Mesosoma in profile, mesometasternum external margin horizontally aligned, promesonotum flattened, distinctly higher than propodeum, both joining through an angle at the mesopropodeal furrow which remains shallow. In dorsal view promesonotum typically pear-like, posterior end of mesonotum narrower and angulo-convex. Strigil of protibia with basal tooth; meso and metatibiae with minute to vestigial spurs, very finely and shortly pectinated on the distal third or only barbulate at apex. Propodeal lobes small, with a posterodorsal angle. Propodeal spines dentiform and feebly pointed, subparallel, shorter than the distance separating their tips, projecting backwards and upwards at 45 °. Petiole short, higher than wide; peduncle hidden by propodeal lobes; node seen in profile anterior face slightly concave, forming a right angle with the dorsal surface which is rather flattened, meeting the posterior face through a rounded angle; sternum with a lamellar process varying in size. Postpetiole shorter than high and wide, the latters about equal; node profile typically with very short anterior and posterior vertical surfaces, united by a large convex one; sternal process strongly convex or subglobular, making 1 / 3 of the postpetiole height.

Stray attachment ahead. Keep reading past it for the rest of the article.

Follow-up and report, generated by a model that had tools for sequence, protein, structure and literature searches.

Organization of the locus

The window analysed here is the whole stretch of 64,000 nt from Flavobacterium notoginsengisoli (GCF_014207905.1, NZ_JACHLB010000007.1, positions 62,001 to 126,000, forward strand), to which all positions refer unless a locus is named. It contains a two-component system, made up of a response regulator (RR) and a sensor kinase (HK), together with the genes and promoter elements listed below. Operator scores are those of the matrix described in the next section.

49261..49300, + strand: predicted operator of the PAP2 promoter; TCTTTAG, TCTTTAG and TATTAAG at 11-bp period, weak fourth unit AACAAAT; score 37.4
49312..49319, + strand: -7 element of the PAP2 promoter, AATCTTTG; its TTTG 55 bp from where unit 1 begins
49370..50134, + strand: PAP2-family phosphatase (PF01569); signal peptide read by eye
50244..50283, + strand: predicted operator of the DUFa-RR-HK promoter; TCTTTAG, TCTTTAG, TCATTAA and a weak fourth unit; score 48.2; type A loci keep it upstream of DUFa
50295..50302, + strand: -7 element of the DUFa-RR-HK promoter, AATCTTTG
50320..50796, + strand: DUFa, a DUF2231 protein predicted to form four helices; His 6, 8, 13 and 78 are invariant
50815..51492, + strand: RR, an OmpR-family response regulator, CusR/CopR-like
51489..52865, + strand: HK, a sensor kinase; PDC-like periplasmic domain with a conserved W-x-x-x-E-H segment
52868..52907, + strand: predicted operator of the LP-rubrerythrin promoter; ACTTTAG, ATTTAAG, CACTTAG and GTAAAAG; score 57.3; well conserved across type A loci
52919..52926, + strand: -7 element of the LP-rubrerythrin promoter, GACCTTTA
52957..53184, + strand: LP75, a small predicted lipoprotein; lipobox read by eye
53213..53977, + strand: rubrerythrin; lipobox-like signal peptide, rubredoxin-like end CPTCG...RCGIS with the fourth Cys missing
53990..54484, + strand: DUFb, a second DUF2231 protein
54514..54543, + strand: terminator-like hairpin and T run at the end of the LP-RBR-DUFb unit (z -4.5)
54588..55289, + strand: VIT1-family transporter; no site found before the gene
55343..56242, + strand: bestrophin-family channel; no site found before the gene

Mandibles faintly striated with ciliated punctures. Frons and clypeus with parallel, acute and thin carinae, spreading fan-wise towards the occiput, separated by faintly microsculptured surface; reticulations on temples and the preoccipital margin. Antennal fossae with parallel and convex carinae. Mesosoma generally striato-rugulose; rugulae acute and largely reticulated on on promesonotum, more rounded and parallel on mesopleurae and dorsum of propodeum. Space between spines with transverse and faint lines, remaining ventral area smooth. Petiole and postpetiole rugose. Gaster smooth and shining; first segment with large rounded punctures. Long and erect hairs moderately abundant on body; suberect on scapes. Gastric dorsum without distinct pubescence. General body color light to dark reddish brown; appendages lighter or more yellowish.